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Insight Economy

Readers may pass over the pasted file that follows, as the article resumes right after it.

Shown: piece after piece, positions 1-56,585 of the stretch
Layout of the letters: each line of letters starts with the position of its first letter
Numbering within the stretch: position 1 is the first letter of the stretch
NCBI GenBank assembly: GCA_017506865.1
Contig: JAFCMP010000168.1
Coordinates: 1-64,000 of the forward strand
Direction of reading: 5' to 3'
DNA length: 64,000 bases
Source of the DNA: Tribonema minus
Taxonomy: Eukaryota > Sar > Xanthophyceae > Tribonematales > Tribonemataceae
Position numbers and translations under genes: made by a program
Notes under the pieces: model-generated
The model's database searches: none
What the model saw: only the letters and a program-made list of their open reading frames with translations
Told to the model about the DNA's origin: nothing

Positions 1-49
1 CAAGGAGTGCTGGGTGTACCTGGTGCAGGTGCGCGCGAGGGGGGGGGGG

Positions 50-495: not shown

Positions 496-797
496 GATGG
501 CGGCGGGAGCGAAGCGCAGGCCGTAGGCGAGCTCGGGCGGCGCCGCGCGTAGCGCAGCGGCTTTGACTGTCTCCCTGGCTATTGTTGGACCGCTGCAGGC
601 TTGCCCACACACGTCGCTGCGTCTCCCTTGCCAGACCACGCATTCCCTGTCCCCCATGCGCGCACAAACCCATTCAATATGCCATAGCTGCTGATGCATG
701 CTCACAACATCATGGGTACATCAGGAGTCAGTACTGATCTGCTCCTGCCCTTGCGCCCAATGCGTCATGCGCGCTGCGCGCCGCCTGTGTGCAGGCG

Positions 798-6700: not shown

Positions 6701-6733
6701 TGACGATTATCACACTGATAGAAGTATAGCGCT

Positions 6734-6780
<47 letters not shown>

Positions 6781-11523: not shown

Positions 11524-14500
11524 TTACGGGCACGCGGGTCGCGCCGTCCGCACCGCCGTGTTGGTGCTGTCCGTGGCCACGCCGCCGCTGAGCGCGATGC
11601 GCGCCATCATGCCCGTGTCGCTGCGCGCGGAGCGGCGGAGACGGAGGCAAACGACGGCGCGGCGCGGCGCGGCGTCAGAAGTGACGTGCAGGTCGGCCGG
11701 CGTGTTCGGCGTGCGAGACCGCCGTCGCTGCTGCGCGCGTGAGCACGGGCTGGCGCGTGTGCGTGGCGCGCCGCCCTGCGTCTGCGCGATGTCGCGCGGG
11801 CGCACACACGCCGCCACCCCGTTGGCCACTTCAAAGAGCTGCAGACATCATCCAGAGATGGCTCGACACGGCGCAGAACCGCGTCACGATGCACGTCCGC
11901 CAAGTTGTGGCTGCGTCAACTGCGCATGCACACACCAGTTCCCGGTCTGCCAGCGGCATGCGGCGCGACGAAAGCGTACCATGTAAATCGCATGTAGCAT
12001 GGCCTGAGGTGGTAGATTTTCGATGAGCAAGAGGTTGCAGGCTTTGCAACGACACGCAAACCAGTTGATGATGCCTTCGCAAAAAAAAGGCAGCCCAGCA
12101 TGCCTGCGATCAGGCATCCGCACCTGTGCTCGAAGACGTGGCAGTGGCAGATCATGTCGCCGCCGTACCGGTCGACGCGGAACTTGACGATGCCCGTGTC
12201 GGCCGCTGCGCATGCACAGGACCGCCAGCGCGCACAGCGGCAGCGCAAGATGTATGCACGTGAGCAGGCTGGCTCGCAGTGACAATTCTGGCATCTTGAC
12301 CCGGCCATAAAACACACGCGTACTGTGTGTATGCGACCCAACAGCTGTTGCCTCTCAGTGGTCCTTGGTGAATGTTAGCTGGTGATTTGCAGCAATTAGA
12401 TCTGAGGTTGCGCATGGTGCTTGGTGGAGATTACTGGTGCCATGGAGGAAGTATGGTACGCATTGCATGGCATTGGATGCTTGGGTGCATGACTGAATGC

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Connecting data provides the insight Collecting and analysing vast amounts of often disparate data from a growing number of digital sources can help target CONNECTED DATA DAN MATTHEWS D ata is the 21st century's currency and yet the val- ue of the coin depends greatly on how organisa- tions mine, sift, interpret and act on the massive amounts of information hitting them from all angles. With the arrival, some years ago now, of what we now know as big data, there is a fast-growing need to make sense of potential insights that flood into data pots. By cross-refer - encing this information in a fast and efficient way, businesses can paint the clearest picture of who their cus- tomers are and what motivates them. In turn, crystallised information helps organisations make future strategy decisions, create more rele - vant products and services, and safe- guard themselves from future risks. "The explosion of data made avail- able by the increasingly connected world is bringing unprecedented change to businesses," says Roy Jubraj, managing director for digital and innovation at Accenture. "By 2020, over 50 billion devices are expected to be connected to the internet. With billions of sensors and devices plugged into the connected world, organisations are starting to use connected data to do three things: run themselves more effectively, fu - ture-proof their business and reform the relationship with their customers." To connect data sets, organisations take a step back and look at the entire customer journey or cycle, taking into consideration touchpoints in a colossal ecosystem of devices, web - sites, social interactions and content. By combining these sets, it's pos- sible to understand more about how people interact with the business at every step of the way. "Connected data is concerned with the end-to-end customer journey, across multiple channels and de - vices," explains Jason Ryan, found- ing partner of customer marketing agency Brilliant Noise. "It draws data from multiple sourc- es to give a more holistic view of customer behaviour and customer interactions with a business. These data sources might have once re - mained siloed either by technology or organisational barriers, with the resulting business value of connect- ing them remaining unrealised." Learning about the people you want to sell to is nothing new. Many decades ago business development executives were researching the sto - ries behind their sales leads to un- derstand what made them tick and what needs they could fulfil. But the digital era has created a sys- tem in which this process can be auto- mated and carried out on an industri- al scale. Fifty years ago, salespeople would save their energy for their big- gest spending prospects, now it's cost effective to make discoveries about people who spend sparingly too. Jon Cano-Lopez, chief executive of independent data communications firm REaD Group, says: "Knowing your customers inside out has al - ways been vital to success in busi- ness. This principle applies whether you are dealing with one person or one thousand people. "The availability of data today al - lows modern businesses to under- stand vast customer bases on this granular level, giving them those little nuggets of information that enable them to create profitable re - lationships with consumers." So what kind of data is now being collected? "Transactional, lifestyle and behavioural data represent the three core data sets that are most com - monly recorded and used for insight. "Transactional data is informa- tion relating to what people spend, where they spend it, how often and how much. Lifestyle data refers to who people are, where they live, what their interests are and what's important to them. Behavioural data relates to people's activity, both online and offline, what they do and via which channels." Over the years the amount of data available has increased, so organisa - tions must adapt and evolve to keep up with the information flow. They have adopted new systems of data capture and new analytical soft - ware, as well as new inducements for customers to part with their secrets. Nils Mork-Ulnes, head of data and strategy at experience design busi - ness Beyond, points to the example of the supermarket loyalty card, which was one of the earliest suc- cessful innovations to capture data in the emerging digital age. "As such, the value exchange offered to the customer was 'if I can track your purchases, you will receive points you can cash in for rewards'. This revolu - tionised how supermarkets planned, merchandised and marketed – they went from operating in the dark to be- ing able to target the customers most likely to buy any given product they wanted to sell more of," he says. "Over the years, they have aug - mented these databases with de- Connected data is concerned with the end-to- end customer journey, across multiple channels and devices mographic, psychographic, behav- ioural and other data sources from a variety of third parties to enrich their understanding. And as con- sumers spend more and more of their time online and on smart- phones, adding new digital data is becoming a key need. "But you need to do that across all the channels consumers now use and you have to ask for permission to collect data in new ways. For in - stance, what is the digital equiva- lent of a store loyalty card? Once you crack those problems, the potential to create new value for customers increases manifold because you have so many new touchpoints and ways to create value from data." Clearly, supermarkets are big- budget behemoths that can and must invest heavily in mining and cross-referencing data to the nth degree. A supermarket outlet, its layout, customer approach, offers and incentives are the manifesta - tion of intensive research. CAR FOOD SHOP REGION AGE SEX BANK CONNECTING THE DEMOGRAPHIC DOTS Big data can be a minefield of information for companies to digest. By looking at the similarities and differences between the customers various consumer brands, it is possible to see patterns and trends in supposedly unrelated audiences. For each category, the data shows the characteristics of customers/fans of each brand, based on the standard deviation from the UK average Audi BMW Fiat Honda Mercedes Mini Renault Seat Vauxhall Volkswagen Aldi Asda Co-operative Sainsbury's Tesco Waitrose Central Scotland East Anglia London Midlands North East South Coast West Country 18-24 25-39 40-54 55+ Male Female Barclays Co-operative Bank First Direct Halifax HSBC Lloyds Natwest RBS Santander TSB THE INSIGHT ECONOMY raconteur.net 08 RACONTEUR 01 / 09 / 2016